4. You have Lew Soloff doing the trumpet parts. What made you decide to choose him?

As I mentioned, Anita Evans, Gil Evans’s widow, recommended Lew highly. Lew brings a very special something to Sketches. We were surprised to find out in the original music, which we used, that much of the trumpet solos were actually written out, though they sound improvised. Gil knew Miles so well, and he was able to amalgamate the classical sources of the Rodrigo Guitar Concierto de Aranjuez, de Falla’s El Amor Brujo, and 3 flamenco ones as well. The combination is magical.

5. Were there any challenges in regards to working with the Gil Evans arrangements?

Gil Evans wrote a unique composition based on Spanish classical and flamenco sources. His orchestration, for a 19 piece band and trumpet solo, is special, and in a category all its own. Gil, like many other jazz musicians, was influenced by 20th century classical music by Stravinsky, Ravel, Debussy, etc.. And vice versa. It was a thrill to work with Gil’s arrangements, since they create such a singular sound world, so evocative of the melancholy, passionate sound of Spanish music. As I mentioned, Gil wrote out many of the solos for Miles; Lew stuck to some of that, but also did many of his own improvisations, so I think we re-created a masterpiece, with our own special stamp on it, while keeping the spirit of the original, which was our goal.

6. Can you speak a bit about the other musicians you worked with here and any interesting stories about the actual recording, engineering, etc.?

Lew basically put the band together, though we used a few of the reed, percussion and brass players that I had worked with. They were all outstanding, but a few merit special mention. Bassist Francois Moutin, who works a lot with Lew, is a fantastic player, doing things I’ve never heard anyone else do; it really added another dimension to the recording. Our trumpet section was fantastic, including Dominic Derasse and Joe Giorgianni, and RJ Kelley leading the French horns. Jimmy Musto did a fine job on drums, and reedman Ron Jannelli played some great bassoon solos. Our engineer/producer, the multi-Grammy winning Adam Abeshouse, with whom I’ve collaborated on several varied recordings, did a great job. He was so excited about the historic project, he invited his family to the sessions. And 90-years young George Avakian, legendary Columbia Records producer, who signed Miles in 1955, attended as well, which was a thrill and an honor. He told me he thought our band sounded better than the original, but I’m not sure that’s for publication. By the way, Lew lost his mouthpiece bag before the sessions, but I think it was a blessing in disguise, since he used one that gave him a richer, deeper sonority perfect for the piece.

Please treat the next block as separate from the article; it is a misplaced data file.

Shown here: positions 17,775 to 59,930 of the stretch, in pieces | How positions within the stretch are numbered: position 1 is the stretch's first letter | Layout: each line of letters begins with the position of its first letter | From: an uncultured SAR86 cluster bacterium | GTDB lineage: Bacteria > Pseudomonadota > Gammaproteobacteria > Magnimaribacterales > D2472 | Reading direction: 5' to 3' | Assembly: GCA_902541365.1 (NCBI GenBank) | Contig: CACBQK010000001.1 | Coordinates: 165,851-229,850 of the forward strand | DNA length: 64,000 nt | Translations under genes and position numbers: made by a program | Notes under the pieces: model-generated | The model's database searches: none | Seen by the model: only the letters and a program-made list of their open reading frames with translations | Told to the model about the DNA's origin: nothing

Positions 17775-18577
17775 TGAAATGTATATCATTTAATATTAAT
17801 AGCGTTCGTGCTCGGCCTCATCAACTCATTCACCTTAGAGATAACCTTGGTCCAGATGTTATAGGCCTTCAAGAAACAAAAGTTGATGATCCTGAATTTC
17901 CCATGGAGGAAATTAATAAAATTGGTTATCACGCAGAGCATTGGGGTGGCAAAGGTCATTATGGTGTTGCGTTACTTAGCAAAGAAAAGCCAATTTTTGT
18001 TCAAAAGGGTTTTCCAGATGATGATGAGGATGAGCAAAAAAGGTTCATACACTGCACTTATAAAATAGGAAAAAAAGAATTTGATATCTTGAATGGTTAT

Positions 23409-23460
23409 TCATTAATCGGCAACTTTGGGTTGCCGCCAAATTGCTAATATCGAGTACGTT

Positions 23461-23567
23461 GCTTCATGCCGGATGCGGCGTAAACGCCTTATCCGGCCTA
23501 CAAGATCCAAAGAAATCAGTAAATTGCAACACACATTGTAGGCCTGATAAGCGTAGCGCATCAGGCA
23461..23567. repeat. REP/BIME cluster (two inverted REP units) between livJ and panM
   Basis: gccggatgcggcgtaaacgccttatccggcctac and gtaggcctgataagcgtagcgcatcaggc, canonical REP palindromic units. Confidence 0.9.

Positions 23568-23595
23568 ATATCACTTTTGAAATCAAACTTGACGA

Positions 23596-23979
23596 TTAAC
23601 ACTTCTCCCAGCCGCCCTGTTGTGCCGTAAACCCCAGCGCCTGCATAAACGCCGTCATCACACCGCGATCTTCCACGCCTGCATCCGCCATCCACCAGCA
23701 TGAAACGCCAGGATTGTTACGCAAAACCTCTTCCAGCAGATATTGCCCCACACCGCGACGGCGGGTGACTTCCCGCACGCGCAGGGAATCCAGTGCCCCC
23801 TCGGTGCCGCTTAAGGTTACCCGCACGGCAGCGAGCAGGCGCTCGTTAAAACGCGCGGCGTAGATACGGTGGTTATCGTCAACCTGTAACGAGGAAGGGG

7. Do you have any new projects in the works?

Last September (2010) we did a concert called “Ellington Does the Classics” at St. Peter’s, including the Ellington/Strayhorn jazz version of the Tchaikovsky Nutcracker Suite, and Grieg’s Peer Gynt Suite. Both are fantastic; we recorded the Nutcracker and I plan to combine it with the original Tchaikovsky Nutcracker so the classical and jazz versions will be on the same cd, something I think nobody’s ever done before. I’m very excited about it. At the concert, we also did “Take the A Train”, something I never dreamed I’d conduct! What a blast. And the musicians had a great time too. There were a number of stars playing, including Lew Tabackin on tenor sax, George Cables, piano, and Victor Lewis, drums. You can hear the tremendous energy and enthusiasm on the recording coming through loud and clear. By the way, there’s an interesting coincidental tie-in on my last few projects. Dvořák taught the future teachers of Copland, Gershwin, and Ellington, which happen to be the last three composers I recorded!

For more information about Steve Richman and his fine musical organization, Harmonie Ensemble New York, please check out the following website:

Monday, July 4, 2011

Life is Good: another opportunity to hear a living jazz vocal legend in NYC

I'm quoting this verbatim from someone else's post, because I couldn't express things better.

"Legendary jazz vocalist Mark Murphy still has the magic - just ask anyone who's seen him recently. He exudes class, charm, sophistication, and originality. The kicker: the man's voice is still golden and rich, and can truly create magic.

This special Sunday summer evening at Birdland featuring his quartet, featuring pianist George Mesterhazy for two sets of gorgeous singing and expert playing, delivered with true soul by a master.